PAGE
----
Yamamoto Keiko Rochaix is pleased to announce the solo exhibition of Amie Barouh. It is the first time the emerging French-Japanese artist exhibits her works in the Great Britain.  

Installations of several new short video works and paintings on paper comprise the show of the recent Beaux-Arts de Paris graduate.

Barouh creates video works between documentary and fiction, giving voice to those who live on margins of society. 

Then birth of a baby in a Roma community Barouh has befriended over a decade, has inspired the artist profoundly.  The new born girl is named Béthanie, a place where a miracle – a core Christian tenet of Jesus’s eventual return – is to take place.  It symbolise a hope though it may require period of waiting.  

The exhibition is a sort of record the young artist’s journey who has been searching to deepen the understanding of the culture which is intrinsically a totally removed one from her own; she has been asking questions about the belief, knowledge, cosmologie of Roma, an ostracised group of people within the Western European vision the world.  A series of new films present a new approach to the research; the artist inviting her Roma friends to play active roles such as actors, cameraman, production managers, leaving them to come up with their own ideas of what they wish to do.  The final editions are mixture of the resulting footages with documentary of daily life of these same protagonists.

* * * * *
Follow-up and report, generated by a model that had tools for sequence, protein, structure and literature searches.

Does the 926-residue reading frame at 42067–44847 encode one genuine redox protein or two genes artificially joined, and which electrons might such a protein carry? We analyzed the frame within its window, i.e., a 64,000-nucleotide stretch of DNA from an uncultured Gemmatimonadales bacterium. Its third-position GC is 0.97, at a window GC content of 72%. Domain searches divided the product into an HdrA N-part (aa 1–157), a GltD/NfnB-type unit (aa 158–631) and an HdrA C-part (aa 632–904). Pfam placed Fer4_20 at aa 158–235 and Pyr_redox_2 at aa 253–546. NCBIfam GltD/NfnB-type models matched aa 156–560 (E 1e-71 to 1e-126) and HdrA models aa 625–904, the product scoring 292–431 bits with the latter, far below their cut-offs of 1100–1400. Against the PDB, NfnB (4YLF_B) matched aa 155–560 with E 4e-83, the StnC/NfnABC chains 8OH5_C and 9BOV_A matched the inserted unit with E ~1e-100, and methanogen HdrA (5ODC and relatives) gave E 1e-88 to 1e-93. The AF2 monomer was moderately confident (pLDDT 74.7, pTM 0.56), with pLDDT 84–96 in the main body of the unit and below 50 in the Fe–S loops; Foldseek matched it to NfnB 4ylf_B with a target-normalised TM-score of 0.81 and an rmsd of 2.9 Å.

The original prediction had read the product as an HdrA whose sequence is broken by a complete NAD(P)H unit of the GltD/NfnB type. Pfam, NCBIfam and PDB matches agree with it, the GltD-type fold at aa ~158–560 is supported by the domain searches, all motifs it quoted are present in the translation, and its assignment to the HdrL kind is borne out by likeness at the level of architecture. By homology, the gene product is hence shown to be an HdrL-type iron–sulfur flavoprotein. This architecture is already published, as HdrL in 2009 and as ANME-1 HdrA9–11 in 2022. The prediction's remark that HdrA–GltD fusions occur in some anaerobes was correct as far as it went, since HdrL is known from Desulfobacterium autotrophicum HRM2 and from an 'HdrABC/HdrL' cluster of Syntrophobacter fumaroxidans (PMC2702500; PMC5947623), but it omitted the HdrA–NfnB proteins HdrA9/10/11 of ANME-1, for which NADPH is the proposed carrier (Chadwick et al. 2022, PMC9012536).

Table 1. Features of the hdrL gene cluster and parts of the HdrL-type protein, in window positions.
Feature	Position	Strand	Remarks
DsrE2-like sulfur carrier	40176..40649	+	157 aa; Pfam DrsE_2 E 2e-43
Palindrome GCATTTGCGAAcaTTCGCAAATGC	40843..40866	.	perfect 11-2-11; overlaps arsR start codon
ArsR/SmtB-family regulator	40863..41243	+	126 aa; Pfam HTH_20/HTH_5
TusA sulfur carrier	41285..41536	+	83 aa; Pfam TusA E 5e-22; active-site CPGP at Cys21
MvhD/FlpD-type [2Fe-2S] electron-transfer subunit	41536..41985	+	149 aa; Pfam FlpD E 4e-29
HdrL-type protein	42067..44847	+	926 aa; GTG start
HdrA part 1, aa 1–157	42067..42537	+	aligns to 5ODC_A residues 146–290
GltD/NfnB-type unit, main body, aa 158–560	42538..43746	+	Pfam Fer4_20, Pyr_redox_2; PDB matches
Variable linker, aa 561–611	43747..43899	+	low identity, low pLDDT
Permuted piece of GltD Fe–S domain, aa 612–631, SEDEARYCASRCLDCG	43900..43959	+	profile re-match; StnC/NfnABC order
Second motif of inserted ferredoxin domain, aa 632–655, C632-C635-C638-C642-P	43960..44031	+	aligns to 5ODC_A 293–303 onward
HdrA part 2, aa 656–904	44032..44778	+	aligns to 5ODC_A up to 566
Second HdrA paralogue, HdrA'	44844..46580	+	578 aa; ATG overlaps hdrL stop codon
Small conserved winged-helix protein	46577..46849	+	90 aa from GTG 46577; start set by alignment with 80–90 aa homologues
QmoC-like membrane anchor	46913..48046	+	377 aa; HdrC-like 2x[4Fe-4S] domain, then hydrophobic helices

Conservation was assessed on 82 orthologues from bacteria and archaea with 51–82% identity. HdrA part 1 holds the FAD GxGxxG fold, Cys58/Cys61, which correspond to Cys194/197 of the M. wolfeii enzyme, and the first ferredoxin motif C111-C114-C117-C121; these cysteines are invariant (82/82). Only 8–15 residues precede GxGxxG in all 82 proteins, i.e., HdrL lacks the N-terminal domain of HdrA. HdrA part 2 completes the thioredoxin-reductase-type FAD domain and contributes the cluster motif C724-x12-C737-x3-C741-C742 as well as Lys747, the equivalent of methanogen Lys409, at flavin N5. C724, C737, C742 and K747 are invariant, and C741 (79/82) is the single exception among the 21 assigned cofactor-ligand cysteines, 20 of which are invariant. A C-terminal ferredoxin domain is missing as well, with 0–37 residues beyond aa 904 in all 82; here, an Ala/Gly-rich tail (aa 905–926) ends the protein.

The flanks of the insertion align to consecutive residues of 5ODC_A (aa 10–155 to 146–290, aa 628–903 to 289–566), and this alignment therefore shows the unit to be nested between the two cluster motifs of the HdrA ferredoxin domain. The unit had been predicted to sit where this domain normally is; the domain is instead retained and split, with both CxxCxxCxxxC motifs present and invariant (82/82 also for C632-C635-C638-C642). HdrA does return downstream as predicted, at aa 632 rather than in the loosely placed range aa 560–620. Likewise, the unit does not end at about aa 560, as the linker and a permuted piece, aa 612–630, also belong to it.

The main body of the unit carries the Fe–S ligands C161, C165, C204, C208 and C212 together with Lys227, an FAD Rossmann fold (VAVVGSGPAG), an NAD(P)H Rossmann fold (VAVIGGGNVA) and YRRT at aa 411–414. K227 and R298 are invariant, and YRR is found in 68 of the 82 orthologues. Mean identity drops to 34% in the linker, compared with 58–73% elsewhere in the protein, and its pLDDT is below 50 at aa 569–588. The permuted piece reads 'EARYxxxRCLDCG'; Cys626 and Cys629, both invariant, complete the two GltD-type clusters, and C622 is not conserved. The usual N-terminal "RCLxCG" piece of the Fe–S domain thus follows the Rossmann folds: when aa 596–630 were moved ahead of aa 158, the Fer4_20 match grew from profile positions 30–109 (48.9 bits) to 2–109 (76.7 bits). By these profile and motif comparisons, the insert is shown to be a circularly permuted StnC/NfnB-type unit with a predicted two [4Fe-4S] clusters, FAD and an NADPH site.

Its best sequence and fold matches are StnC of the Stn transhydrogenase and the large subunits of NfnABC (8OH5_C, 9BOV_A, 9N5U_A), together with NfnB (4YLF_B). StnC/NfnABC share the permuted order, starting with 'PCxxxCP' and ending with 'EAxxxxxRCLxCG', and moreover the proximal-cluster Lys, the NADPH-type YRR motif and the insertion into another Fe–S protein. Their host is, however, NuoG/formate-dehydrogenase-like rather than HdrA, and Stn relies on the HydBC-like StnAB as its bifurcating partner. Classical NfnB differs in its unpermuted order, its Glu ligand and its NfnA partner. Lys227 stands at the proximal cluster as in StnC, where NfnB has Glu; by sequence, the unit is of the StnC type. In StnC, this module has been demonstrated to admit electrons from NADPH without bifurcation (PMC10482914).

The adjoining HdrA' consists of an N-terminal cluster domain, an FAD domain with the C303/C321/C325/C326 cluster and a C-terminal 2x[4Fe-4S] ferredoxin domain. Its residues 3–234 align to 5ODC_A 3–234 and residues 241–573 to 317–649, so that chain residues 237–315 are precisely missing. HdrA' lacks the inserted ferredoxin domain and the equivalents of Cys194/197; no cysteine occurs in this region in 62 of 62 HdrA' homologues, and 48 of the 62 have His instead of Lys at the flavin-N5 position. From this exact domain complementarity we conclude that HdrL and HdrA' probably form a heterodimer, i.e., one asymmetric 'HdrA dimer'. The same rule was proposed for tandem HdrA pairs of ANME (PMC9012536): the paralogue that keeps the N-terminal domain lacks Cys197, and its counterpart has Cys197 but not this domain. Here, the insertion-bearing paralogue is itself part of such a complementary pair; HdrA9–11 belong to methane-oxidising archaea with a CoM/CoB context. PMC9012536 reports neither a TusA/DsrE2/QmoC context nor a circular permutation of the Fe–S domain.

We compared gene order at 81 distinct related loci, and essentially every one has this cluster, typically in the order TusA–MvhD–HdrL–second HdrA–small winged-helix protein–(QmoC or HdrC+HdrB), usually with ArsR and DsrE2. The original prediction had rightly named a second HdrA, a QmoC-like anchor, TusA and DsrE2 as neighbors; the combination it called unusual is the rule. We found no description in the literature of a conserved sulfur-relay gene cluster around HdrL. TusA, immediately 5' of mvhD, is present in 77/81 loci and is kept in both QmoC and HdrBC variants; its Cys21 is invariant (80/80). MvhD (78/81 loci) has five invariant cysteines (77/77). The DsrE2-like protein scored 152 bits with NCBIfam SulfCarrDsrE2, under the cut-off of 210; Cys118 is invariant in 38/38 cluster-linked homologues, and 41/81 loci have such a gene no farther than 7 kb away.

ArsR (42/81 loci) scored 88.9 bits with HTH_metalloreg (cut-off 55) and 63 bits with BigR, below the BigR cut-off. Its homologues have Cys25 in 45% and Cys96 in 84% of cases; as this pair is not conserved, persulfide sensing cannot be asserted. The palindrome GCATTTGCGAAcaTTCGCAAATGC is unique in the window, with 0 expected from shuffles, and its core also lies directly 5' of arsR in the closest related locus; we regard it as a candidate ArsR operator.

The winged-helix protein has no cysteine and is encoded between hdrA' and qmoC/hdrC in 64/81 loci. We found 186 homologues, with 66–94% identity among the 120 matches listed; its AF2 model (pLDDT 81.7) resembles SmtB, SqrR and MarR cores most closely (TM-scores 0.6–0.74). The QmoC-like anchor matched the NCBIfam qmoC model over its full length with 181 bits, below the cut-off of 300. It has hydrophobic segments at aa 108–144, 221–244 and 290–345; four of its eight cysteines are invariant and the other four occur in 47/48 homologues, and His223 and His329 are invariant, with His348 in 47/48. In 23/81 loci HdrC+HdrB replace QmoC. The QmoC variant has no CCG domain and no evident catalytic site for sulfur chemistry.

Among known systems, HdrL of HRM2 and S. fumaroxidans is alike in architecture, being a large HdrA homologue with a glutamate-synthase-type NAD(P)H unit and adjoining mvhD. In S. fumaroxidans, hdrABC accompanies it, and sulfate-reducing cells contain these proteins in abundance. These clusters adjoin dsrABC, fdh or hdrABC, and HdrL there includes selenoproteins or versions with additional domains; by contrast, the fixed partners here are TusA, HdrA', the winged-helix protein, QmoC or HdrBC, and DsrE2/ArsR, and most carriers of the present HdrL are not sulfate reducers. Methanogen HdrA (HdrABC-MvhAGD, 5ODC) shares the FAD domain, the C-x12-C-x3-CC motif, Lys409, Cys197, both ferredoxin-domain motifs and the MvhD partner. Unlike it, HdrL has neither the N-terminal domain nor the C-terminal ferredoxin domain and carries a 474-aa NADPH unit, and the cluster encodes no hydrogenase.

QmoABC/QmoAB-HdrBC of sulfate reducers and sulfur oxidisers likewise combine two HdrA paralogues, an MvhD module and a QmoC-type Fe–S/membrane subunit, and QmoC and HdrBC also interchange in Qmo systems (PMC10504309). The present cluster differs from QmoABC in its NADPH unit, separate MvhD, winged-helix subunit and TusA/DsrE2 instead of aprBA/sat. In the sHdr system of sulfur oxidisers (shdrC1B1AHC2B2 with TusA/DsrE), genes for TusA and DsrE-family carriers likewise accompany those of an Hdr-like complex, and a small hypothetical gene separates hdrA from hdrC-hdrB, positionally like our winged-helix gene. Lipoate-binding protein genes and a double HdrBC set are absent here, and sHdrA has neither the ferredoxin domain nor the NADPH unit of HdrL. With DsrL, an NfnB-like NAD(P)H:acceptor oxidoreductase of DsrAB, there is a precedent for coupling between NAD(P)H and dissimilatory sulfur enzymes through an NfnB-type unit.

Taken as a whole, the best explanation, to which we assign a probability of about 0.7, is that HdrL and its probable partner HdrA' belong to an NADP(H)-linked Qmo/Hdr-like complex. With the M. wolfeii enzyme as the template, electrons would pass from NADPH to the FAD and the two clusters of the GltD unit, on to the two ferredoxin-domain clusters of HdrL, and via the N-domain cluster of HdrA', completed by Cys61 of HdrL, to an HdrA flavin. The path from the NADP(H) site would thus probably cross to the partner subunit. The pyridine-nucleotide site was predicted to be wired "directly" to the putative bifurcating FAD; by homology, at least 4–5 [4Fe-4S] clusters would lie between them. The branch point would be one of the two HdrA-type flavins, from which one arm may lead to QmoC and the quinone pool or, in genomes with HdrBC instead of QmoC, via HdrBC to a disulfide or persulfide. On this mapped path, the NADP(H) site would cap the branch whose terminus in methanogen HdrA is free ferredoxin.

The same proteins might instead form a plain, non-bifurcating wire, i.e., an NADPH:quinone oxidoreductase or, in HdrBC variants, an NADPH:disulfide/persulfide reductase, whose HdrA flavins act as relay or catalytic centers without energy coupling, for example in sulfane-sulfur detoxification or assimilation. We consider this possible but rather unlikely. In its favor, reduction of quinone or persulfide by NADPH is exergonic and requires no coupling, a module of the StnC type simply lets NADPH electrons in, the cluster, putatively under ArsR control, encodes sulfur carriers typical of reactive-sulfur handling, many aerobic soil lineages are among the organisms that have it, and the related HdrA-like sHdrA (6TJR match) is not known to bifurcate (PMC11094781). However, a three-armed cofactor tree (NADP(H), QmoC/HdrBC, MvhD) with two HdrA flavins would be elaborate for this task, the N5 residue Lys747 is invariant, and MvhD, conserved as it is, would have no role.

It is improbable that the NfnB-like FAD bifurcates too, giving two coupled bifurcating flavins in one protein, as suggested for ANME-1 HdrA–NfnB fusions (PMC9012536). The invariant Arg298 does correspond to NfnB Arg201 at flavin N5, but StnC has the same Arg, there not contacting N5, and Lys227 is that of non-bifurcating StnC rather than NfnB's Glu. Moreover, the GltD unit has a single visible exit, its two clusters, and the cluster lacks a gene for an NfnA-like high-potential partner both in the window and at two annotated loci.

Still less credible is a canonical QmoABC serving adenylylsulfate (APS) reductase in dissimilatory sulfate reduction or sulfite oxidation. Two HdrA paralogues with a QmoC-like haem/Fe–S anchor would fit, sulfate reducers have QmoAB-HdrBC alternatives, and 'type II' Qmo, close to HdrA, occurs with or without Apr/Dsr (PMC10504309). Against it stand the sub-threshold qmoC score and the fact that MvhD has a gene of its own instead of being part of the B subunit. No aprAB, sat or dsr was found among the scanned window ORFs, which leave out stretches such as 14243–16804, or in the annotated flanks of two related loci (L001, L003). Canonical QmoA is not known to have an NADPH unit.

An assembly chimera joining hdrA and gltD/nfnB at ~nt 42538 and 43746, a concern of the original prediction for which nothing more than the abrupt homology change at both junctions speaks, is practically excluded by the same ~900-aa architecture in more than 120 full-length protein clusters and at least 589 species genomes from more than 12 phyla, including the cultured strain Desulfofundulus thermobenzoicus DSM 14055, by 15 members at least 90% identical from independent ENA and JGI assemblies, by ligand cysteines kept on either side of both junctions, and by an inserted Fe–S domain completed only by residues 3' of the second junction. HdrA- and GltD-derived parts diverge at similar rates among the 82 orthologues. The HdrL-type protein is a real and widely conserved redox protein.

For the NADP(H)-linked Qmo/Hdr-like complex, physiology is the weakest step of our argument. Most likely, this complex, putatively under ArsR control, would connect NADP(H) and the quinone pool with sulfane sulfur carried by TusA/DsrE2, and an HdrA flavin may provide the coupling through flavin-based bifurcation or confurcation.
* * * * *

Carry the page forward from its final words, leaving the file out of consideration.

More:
Barouh found that her friends, empowered to create and present new persona, were often proud to enact their ideal selves, which may be imagined personalities but in their minds these characters are the true selves of who they are.  In a way, broken free even momentarily from the strict oppression and destress arose from their attachement to Evangelical Christianisme the artist witnessed but finally come to enjoy the benefit of the ‘miracle’ after perpetual period of waiting. 

Magic presents for the artist another way to come closer to different cultures by providing means to change a perception of the world through presenting different reality and hope. In one of the short films a teenager shows youngsters a magic trick and a little one tries to uncover the trick and do the same.  

A number of small format paintings on paper on the ground floor gallery reflect the artist’s interest in the primitive cultures and mythologies which forms the basic for all her artistic investigation.

In addition to new short videos, ‘The Lost Dog’ is projected in the lower floor gallery which premiered at the first edition of the Festival de Film de la Villa Medici in 2021 and which won the artist the Félicita de Felicita prize by the amis des Beaux Arts de Paris.

image by Alexander Christie